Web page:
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October 2002; Volume 20, Number 10

The Great Accounting Scam

by James M Sheehan

The US government is attacking capitalism under the guise of cracking down on "corporate criminals." Corporate CEOs are being demonized and blamed for the collapsing stock market Bubble.  Exploiting the Enron and WorldCom bankruptcies, Washington DC has imposed the most sweeping accounting and securities laws since the 1930s.  

Unfortunately, the political class that granted itself sweeping new power over corporations lacks even a basic understanding of financial reporting, investing, or the stock market.  New "corporate responsibility" laws will make financial reports less informative to the average individual investor.

The myth driving federal legislation in 2002 is that accounting is largely unregulated.  In reality, there have been too many accounting regulations spawned by a dysfunctional regulatory and legal climate. The federal government has mandated a national set of accounting standards, set by the Financial Accounting Standards Board (FASB), there is no competition in this role.  One set of rules often gets imposed, to the exclusion of other.  FASB is a so-called Self Regulatory Organization, but in practice it is supervised, influenced, and heavily politicized by regulators at the Securities and Exchange Commission.  

In the past, financial reporting was based on broad principles that were relatively easy to apply.  International and British accounting standards are still based on broad principles that govern basic situations.  They do so on the theory that detailed rules are too easy to evade and give a false sense of certainty regarding the accuracy of a financial statement at a given point in time.  

In the US, the SEC's regulatory zeal has pushed accounting rules in the direction of excruciating detail.  The SEC now attempts to prescribe increasingly specific accounting rules for every ambiguous situation, in order to prevent every conceivable fraud or misleading representation.  The auditors welcomed these detailed rules, in order to better defend themselves against the frivolous lawsuits the government allows to be filed against them in courts.

Accounting rules have become highly complex, even confusing.  Like alcohol prohibition laws, they are easily evaded.  Some companies evade them to improve accuracy, while others do it to artificially inflate their earnings. Slightly altering the nature of a transaction can generate a unique set of circumstances not covered by the overly specific accounting rules.  By micromanaging accounting standards, the government has merely encouraged firms to expend resources restructuring their transactions to achieve accounting results that conform technically to the rules. Granting the SEC more power, larger budgets, and staff will not solve anything, because accounting rules cannot possibly keep up with rapidly changing events in business.

The pols have demanded that corporations present their financials in "black and white."  There should be no gray area in the reporting of a company's profits.  Yet in practice, accounting is full of gray areas. This is the textbook definition of accrual accounting.  It means documenting the expected cash consequences of all business transactions.  Expectations involve assumptions, estimates, and interpretation.

The "matching principle" of accounting says that expenses should be recognized in the period when the revenue they generate materializes.  But there are exceptions to this rule, such as when the expenses cannot be reasonably estimated yet.  Sometimes, the value of expenses is hard to define, or spread out over multiple accounting periods. Corporate assets are becoming more difficult to value since they increasingly consist of intangibles such as intellectual content, goodwill, and brand names.  Management is in the best position to determine the expected value of its assets, and must be given some discretion in doing so.  Sometimes, the accuracy of management forecasts will not become apparent for several quarters or even years.  For regulators and politicians to pretend otherwise is pure folly.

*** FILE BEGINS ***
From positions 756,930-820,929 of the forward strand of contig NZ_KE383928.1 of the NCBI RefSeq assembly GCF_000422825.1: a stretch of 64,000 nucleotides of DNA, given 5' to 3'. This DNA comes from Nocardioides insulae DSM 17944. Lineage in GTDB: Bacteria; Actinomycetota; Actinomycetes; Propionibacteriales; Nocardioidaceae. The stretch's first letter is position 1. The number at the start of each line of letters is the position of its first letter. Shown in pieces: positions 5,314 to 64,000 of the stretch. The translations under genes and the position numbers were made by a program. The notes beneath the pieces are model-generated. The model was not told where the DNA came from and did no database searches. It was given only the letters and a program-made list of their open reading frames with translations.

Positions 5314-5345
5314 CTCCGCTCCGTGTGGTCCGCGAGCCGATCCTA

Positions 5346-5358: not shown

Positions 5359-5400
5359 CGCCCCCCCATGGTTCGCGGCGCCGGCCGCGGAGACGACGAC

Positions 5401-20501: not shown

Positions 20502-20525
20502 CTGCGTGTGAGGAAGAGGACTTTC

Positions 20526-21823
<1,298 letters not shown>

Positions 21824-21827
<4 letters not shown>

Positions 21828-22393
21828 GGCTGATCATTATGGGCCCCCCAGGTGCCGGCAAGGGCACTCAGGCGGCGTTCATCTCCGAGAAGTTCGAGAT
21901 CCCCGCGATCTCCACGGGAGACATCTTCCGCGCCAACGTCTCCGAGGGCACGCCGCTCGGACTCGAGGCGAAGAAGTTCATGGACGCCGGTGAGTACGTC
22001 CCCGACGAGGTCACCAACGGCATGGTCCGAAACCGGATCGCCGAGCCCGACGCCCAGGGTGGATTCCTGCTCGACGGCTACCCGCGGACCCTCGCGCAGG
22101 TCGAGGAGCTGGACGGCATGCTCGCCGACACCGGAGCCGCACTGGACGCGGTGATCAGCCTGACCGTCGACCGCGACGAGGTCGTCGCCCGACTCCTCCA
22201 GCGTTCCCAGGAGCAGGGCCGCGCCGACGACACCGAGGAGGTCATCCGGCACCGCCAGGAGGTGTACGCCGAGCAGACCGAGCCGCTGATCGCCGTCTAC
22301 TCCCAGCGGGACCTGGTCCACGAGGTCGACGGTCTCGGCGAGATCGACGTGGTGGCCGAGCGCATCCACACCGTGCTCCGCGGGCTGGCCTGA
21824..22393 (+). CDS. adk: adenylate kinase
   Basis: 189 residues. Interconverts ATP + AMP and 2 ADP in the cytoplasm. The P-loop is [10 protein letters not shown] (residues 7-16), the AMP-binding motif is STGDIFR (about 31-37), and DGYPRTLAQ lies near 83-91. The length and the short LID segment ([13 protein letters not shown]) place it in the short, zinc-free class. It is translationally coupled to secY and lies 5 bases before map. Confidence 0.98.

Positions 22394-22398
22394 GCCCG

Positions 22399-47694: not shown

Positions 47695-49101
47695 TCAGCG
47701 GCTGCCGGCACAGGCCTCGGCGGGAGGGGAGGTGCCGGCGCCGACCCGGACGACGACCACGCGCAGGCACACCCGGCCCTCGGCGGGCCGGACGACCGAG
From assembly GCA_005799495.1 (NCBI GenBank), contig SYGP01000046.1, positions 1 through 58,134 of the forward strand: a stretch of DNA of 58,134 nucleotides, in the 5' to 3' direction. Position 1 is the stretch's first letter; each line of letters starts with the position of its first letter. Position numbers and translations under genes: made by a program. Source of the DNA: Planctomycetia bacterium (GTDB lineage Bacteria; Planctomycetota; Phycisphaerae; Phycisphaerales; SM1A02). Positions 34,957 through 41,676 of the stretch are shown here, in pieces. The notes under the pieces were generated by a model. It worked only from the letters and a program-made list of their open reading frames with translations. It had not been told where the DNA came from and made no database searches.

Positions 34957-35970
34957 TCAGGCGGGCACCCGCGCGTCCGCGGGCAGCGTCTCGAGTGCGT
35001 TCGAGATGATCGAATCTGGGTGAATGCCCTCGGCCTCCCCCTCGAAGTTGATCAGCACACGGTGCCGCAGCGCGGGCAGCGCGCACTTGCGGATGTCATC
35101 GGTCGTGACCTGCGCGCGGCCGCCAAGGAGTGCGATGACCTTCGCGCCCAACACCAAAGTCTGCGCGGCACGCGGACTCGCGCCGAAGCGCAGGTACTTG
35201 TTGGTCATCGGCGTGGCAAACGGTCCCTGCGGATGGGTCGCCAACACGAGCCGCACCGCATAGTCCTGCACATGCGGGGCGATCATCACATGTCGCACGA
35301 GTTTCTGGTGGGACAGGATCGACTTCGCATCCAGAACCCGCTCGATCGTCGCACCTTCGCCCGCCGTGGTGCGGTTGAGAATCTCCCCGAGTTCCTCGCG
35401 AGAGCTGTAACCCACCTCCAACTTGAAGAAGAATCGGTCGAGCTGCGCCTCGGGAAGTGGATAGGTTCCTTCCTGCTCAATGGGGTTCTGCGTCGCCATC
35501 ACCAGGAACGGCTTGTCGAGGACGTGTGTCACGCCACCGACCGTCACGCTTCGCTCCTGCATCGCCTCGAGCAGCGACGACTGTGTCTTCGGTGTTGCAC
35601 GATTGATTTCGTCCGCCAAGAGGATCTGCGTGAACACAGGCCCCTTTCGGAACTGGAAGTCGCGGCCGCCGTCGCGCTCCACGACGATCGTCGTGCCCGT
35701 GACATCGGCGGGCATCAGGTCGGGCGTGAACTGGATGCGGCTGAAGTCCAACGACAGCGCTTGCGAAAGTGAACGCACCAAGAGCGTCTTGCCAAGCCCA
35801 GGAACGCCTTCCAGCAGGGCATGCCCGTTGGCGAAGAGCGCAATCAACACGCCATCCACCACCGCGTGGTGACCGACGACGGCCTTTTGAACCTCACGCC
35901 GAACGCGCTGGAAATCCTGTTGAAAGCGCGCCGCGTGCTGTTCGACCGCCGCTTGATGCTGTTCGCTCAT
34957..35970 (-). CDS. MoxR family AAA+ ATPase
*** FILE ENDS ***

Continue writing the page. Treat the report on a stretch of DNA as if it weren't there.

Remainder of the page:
Clamping down on auditors will not help.  Outside auditors and regulators cannot possibly know how to estimate such things as the life of a fixed asset.  These things vary greatly even within the same industry. All an auditor can do is to vouch that a financial statement is broadly consistent with Generally Accepted Accounting Principles (GAAP), and to make a professional judgment about the integrity of the reported numbers.  The auditor must take at face value many of the numbers presented to it by the company, which is why a nationally reputable auditor like Arthur Andersen was not able to detect accounting abuses committed by Enron.  No amount of regulation can stop human beings from committing fraud if they are determined to do so.

Attempts to mandate greater precision will only curtail management discretion, resulting in less informative accounting. Overly rigid accounting standards the product of past government reforms have already created perverse incentives in the marketplace. Corporations know that some FASB rules paint a misleading picture about their businesses.  In order to provide investors and analysts with a more accurate presentation, they sometimes present supplemental metrics such as "pro forma" earnings.  This consists of an earnings figure that has been adjusted for various accounting distortions and non-recurring events.

The concept of EBITDA (Earnings Before Interest, Depreciation and Amortization) was popularized to offset accounting rules that misrepresented economic reality.  In the late 1980s, the cable television industry recognized that accounting rules for depreciation were inappropriate since cable assets held their value over time.  Because the government protected them from competition, cable companies did not need to upgrade their infrastructure frequently.  It was misleading to pretend that cable assets depreciated as rapidly as assets in other industries.  Removing depreciation from GAAP earnings gave better information to investors and shareholders, and permitted apples-to-apples comparisons between firms.